And then you get to Clarksdale…..
Clarksdale, Mississippi. 9th October
We arrived at yet another nondescript exit ramp yesterday, thick with Mississippi river mud (the eponymous pie is a perfect replica in all but flavour) to find an excited Alex. He was unusually ebullient as we hauled the boat from the water and loaded it onto the trailer. “You wait till you see this town” was his cry and we thought he had taken leave of his senses after nearly three months on the road. But how right he was.
For those of you who do not know Clarksdale or are not dyed in the wool blues fans, there is probably no reason to have heard of this town. There are so many places around here that scream jazz, blues, rock and roll, blue grass and country. Memphis, Nashville to name but two that drag fans from all over the world. But Clarksdale is the birthplace of the blues, a mecca for aficionados. It was here, as legend has it, that the young Robert Johnson went to the crossroads at midnight and sold his soul to the devil in exchange for the blues. This town today is an absolute gem of a place, with wonderful cafes and some great little hotels. We are staying in loft apartments that would shame Manhattan. Then there are the blues bars. Visit Red’s Lounge. Why? Because it is as authentic a blues dive bar as exists. Or go just a little upmarket and visit Ground Zero, owned by Morgan Freeman, eat fried green tomatoes with gitback sauce, drink ice cold beer and listen to the best delta blues on the planet. Seriously, whatever else this blog encourages (or discourages!), consider visiting Clarksdale and relax here. It is a haven and I am most definitely coming back.
The quality of the accommodation, hospitality and food is just as well, as the trying days continue. Charlie Green, one of the charming treasures of my time at Cambridge, has been with us and he and I rowed both yesterday and today. Simon Hotchin, another Cambridge and Robinson college stalwart, a former hurdler so tall he barely had to break stride, joined yesterday and rowed with Paddy today. Yesterday was, on current form, almost an easy day – 28 miles with only a gentle headwind. Today was 50 miles, with more south wind blowing and what seemed to be a convention for barges. At one point, we had three of these monsters passing each other at the same time, two going one way and a third going the other. This still left room for the two modest but beautiful skiffs, but the turbulence was enormous. One boat took on a fair bit of water, which needed constant pumping to remove.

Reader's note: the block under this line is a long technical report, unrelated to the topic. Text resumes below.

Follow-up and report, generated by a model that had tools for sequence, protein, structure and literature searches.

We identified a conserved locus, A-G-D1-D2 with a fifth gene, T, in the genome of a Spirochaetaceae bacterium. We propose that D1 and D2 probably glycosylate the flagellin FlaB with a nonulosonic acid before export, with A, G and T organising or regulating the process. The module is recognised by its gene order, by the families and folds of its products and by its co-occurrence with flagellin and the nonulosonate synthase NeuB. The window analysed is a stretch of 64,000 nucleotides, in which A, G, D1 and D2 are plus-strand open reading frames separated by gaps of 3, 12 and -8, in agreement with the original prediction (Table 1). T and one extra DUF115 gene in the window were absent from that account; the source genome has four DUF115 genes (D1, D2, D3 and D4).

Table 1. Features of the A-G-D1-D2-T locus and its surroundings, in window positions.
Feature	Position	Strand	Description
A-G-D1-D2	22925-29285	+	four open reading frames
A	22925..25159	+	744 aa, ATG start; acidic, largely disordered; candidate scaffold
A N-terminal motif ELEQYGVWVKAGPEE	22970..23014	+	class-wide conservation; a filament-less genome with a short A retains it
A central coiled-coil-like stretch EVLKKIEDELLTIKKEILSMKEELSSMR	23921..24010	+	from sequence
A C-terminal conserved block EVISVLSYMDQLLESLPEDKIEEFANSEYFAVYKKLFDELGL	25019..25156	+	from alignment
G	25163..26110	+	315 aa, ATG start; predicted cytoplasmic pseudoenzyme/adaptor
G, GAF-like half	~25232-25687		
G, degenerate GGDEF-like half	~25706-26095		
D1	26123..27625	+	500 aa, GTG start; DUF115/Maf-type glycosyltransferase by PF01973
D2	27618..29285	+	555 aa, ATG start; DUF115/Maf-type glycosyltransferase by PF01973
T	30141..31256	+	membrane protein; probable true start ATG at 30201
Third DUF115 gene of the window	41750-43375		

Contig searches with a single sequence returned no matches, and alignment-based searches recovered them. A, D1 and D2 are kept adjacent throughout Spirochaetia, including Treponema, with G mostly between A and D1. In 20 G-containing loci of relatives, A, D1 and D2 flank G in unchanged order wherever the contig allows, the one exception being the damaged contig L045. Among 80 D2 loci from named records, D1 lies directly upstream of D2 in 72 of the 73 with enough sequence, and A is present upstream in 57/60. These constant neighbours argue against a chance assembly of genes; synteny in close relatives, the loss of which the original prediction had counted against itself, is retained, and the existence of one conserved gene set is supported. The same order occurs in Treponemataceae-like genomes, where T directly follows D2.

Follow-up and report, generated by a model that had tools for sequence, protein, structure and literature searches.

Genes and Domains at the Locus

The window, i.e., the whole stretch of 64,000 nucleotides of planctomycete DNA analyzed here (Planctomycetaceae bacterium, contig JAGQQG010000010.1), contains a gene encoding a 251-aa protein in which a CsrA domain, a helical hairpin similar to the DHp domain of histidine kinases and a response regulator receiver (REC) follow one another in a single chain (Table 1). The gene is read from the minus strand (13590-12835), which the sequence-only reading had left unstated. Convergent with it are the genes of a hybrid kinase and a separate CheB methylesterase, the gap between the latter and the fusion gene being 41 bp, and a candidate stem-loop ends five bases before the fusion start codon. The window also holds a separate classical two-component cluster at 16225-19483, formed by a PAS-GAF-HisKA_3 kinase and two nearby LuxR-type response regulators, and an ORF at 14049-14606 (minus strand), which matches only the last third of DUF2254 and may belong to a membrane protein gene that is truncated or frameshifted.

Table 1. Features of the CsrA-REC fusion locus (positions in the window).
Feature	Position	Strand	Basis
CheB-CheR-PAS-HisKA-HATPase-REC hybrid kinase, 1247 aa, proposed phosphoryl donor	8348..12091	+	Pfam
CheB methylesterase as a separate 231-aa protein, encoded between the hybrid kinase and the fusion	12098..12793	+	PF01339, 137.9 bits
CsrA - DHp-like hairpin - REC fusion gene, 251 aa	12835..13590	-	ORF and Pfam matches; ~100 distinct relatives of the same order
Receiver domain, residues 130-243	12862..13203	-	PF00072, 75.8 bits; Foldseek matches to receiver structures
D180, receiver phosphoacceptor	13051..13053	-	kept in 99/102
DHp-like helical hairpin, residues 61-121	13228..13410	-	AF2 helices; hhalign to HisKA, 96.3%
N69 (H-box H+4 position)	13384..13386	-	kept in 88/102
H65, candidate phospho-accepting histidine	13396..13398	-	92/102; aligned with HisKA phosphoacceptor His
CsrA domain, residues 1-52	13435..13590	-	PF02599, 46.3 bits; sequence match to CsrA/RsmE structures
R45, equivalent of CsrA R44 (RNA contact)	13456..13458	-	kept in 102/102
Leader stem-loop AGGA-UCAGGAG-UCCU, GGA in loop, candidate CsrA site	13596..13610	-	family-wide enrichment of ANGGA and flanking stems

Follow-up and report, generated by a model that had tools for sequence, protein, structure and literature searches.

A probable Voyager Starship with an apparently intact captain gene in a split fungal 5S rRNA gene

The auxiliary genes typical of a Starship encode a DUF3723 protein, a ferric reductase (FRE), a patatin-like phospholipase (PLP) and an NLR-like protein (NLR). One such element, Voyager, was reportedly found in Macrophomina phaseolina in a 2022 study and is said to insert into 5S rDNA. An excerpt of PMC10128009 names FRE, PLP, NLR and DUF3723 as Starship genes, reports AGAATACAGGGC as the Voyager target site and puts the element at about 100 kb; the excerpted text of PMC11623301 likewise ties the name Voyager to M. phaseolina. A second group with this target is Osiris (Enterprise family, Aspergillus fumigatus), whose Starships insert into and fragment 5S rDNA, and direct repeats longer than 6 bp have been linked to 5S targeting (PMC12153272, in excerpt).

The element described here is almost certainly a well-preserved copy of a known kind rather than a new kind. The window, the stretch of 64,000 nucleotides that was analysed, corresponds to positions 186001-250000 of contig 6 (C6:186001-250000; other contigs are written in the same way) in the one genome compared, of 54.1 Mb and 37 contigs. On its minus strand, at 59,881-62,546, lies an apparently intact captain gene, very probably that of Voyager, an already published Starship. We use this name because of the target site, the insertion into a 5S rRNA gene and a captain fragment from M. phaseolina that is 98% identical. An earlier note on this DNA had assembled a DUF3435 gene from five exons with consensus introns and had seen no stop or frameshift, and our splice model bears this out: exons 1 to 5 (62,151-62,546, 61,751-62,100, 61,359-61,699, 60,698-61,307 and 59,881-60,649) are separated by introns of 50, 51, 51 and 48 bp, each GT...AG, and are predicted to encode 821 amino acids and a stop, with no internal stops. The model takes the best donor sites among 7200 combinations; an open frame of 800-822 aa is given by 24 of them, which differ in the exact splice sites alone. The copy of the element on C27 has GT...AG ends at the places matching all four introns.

Given the heat (32 degrees centigrade) and 90% humidity, we were thirsty in a way that is difficult to describe. We rowed for seven and a half hours, stopping for a few minutes every half hour. After a while in this heat, we were glugging at our water bottles, filling our stomachs, but almost immediately upon resuming rowing, we were thirsty again. When we finished, there was not a spare drop in either boat. A high tariff day indeed.
And guess what? As we climbed, exhausted, out of the boat, Simon and Charlie came over to me and thanked me. Thanked me??? It is at times like that it is utterly clear why this is such a special band of brothers and sisters that embrace this madness and make it their own. To say I was humbled is insufficient. It was all I could do not to cry.
A very early night tonight, as two more long days for me and Simon coming. Charlie departs tomorrow morning after, I hope, one or two cold beers and a Jim Beam at Ground Zero. How I wish I could join him, but I need every ounce of strength I can muster.
PS – When you see Charlie, ask him to tell you his joke about the recently widowed ranch owner…..